He said: ‘I’m not the Grinch, I’m a trade union official and I’m determined to get a deal.’

But he promised to ‘coordinate’ strike dates with other union chiefs to shut down Britain, with nurses, civil servants and postal workers having also voted in favour of walkouts. Teachers are still being balloted.

Government sources last night insisted the ‘glimmering outline’ of a deal with the RMT was emerging but insisted ministers would not be bounced into a settlement.

‘We need to get a deal that works for all taxpayers, and that includes the taxpayers that don’t use the railways,’ said one insider.

Ministers are worried about setting a precedent with significant pay rises. Rishi Sunak warned his Cabinet yesterday that Britain faced a ‘challenging’ winter of strikes, inflation and NHS backlogs. Around 400,000 people are waiting more than a year for operations, compared with just 1,600 before the pandemic.

Food prices and energy bills have soared, with inflation at a 40-year high of 11.1 per cent and warnings of possible power blackouts. Downing Street said contingency plans had been drawn up to ‘mitigate some of the challenges expected this winter, including further strike action’.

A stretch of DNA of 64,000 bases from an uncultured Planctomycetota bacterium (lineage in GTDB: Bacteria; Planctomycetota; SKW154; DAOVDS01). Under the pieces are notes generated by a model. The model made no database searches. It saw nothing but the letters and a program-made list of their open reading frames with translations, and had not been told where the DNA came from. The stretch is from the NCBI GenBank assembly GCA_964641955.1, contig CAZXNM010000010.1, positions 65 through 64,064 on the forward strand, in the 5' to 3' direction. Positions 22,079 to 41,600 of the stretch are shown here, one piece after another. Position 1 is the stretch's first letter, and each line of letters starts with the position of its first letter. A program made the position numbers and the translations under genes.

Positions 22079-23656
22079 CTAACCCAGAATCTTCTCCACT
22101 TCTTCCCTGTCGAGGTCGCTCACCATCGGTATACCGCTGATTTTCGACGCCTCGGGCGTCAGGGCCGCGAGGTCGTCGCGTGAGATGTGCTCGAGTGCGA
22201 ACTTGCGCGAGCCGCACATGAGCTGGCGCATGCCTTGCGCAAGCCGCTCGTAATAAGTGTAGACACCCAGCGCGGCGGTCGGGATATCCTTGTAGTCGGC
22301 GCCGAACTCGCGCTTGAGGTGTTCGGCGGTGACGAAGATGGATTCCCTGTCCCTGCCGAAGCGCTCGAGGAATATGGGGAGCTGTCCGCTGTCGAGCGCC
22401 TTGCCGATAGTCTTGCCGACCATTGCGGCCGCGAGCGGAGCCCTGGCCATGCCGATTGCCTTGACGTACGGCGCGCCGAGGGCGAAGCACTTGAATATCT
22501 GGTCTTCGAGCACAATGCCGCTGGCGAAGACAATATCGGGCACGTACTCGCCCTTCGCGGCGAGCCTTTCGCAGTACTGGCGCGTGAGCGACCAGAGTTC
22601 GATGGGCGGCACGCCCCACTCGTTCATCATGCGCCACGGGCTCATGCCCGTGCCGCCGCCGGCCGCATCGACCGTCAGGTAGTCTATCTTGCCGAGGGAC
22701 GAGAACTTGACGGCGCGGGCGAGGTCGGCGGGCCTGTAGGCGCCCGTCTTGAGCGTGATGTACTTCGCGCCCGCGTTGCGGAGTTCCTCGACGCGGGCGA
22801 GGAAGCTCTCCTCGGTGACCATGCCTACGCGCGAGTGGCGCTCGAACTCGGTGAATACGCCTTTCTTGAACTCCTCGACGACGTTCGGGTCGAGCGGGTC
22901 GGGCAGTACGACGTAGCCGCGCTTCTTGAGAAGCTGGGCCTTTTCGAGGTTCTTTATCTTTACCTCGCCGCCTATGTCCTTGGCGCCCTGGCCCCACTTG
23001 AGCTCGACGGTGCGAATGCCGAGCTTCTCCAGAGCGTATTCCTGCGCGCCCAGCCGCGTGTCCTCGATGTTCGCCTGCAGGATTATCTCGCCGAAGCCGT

The latest RMT action will see more than 40,000 workers at Network Rail and 14 train operators walk out for 48 hours on December 13 and 14.

They will do so again just a few days later on December 16 and 17, and then on January 3 and 4 and January 6 and 7.

The latest RMT action will see more than 40,000 workers at Network Rail and 14 train operators walk out for 48 hours on December 13 and 14. Pictured: Empty platform and stationary trains at Kings Cross station in London during strikes on October 5